Ralph Waldo Emerson told of a dinner guest who went on and on about the virtue of honesty, offering his own life as a model of perfect rectitude. “The louder he talked of his honor,” said Emerson, “the faster we counted our spoons.”

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‘Those in the know” say that We the People should forget any progressive fantasy that — at long last — Washington might finally produce the kind of bold FDR-style agenda that America needs. They smugly lecture us that recalcitrant Republicans in Congress, not to mention a swarm of corporate …

Woody Guthrie had a lot to say about the greed of bankers who made crop loans at usurious interest rates to hardscrabble farmers, then foreclosed on them when they couldn’t pay off the loans, leaving thousands of farm families homeless. Woody mocked them with a sarcastic anthem, singing “I’m…

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‘Outrageous,” screeched the U.S. Chamber of Commerce. “It doesn’t feel fair,” whimpered a top corporate executive.

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These days, the haughty rich in our country have developed such an arrogant sense of entitlement that they’ve gone from being merely irritating to infuriating.

No longer just a parlor game, Monopoly is what’s for dinner. Practically every commodity and every step in producing our families’ most essential consumer purchase is in the tight grip of four or fewer global conglomerates.

‘Those in the know” say that We the People should forget any progressive fantasy that — at long last — Washington might produce the kind of bold, FDR-style agenda that America needs. They smugly lecture us that recalcitrant Republicans in Congress, not to mention a swarm of corporate lobbyis…

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When corporate ex-executives are absurdly hypocritical, yet so obtuse that they don’t even realize it, is it still hypocrisy… or are they just dimwitted?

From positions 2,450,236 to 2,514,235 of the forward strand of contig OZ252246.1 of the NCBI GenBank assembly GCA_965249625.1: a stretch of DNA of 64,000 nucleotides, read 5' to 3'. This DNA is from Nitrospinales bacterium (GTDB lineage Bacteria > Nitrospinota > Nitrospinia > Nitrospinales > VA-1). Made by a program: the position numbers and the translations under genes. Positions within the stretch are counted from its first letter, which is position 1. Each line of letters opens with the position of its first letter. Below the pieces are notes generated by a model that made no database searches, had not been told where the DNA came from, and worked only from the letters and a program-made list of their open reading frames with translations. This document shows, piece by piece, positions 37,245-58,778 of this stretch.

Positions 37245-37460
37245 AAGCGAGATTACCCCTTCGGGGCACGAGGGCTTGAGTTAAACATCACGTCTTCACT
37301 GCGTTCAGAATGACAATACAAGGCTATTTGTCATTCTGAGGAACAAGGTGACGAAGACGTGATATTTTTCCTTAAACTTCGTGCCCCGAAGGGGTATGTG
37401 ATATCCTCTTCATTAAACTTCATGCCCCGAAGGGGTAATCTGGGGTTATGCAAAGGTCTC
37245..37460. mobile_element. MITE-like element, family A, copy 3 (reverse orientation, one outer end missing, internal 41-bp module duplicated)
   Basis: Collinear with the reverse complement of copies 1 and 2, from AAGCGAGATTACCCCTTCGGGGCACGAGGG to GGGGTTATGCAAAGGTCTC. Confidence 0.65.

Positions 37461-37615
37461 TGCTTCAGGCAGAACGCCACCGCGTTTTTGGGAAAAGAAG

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In a world that’s clogged and choking with a massive overdose of plastic trash, you’ll be heartened to learn that governments and industries are teaming up to respond forcefully to this planetary crisis.

Many of us read William Golding’s Lord of the Flies in high school — and it’s still being taught. The 1954 novel depicts the gradual descent into barbaric darkness by a group of English schoolboys shipwrecked on a small, deserted island. Its portrayal of innate human depravity was hailed at …

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During the hectic holiday shopping season, Jeff Bezos’ Amazon.com may seem like a great option, especially for us procrastinators. Anything you want can be shipped directly to your doorstep. All it takes is a few clicks and — of course— some of your hard-earned money.

Many years ago, literary critic Dorothy Parker skewered an unfortunate author with her sharp wit: “This is not a novel to be tossed aside lightly,” she said. “It should be thrown with great force!”

Little known fact: In more and more races, the GOP doesn’t have broad enough appeal to fairly produce an election majority, so it has resorted to rigging the system so a minority prevails.

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Shortly after taking office, Trump puffed himself up in full Trumpian pomposity to proclaim: “We will honor the American people with the truth, and nothing else.”

Is it really so hard? Voting, I mean — smooth democratic elections with all citizens able to easily cast their ballots and with every ballot fairly counted. Is that too much for people to ask?

With our national election looming, someone should put up “lost dog” signs in every neighborhood saying, “Missing: Republican Party Platform.”

Top regulatory officials in Trump’s government keep chanting the same one-word mantra: “Deregulate… Deregulate… Deregulate…” Day after day, these agency bosses have been “liberating” greedy business interests to do their damnedest to us consumers, workers, the environment… and even to our ch…

greed, corporate greed, coronavirus, COVID-19, Arne Sorenson, Marriott, health care, jobless, unemployment, hunger, Wall Street, Congress, working class

This is a make or break year for many migrants seeking to improve their families’ financial conditions. They say they’re being persecuted in their homeland, yet they fear being vilified for crossing the border. What to do?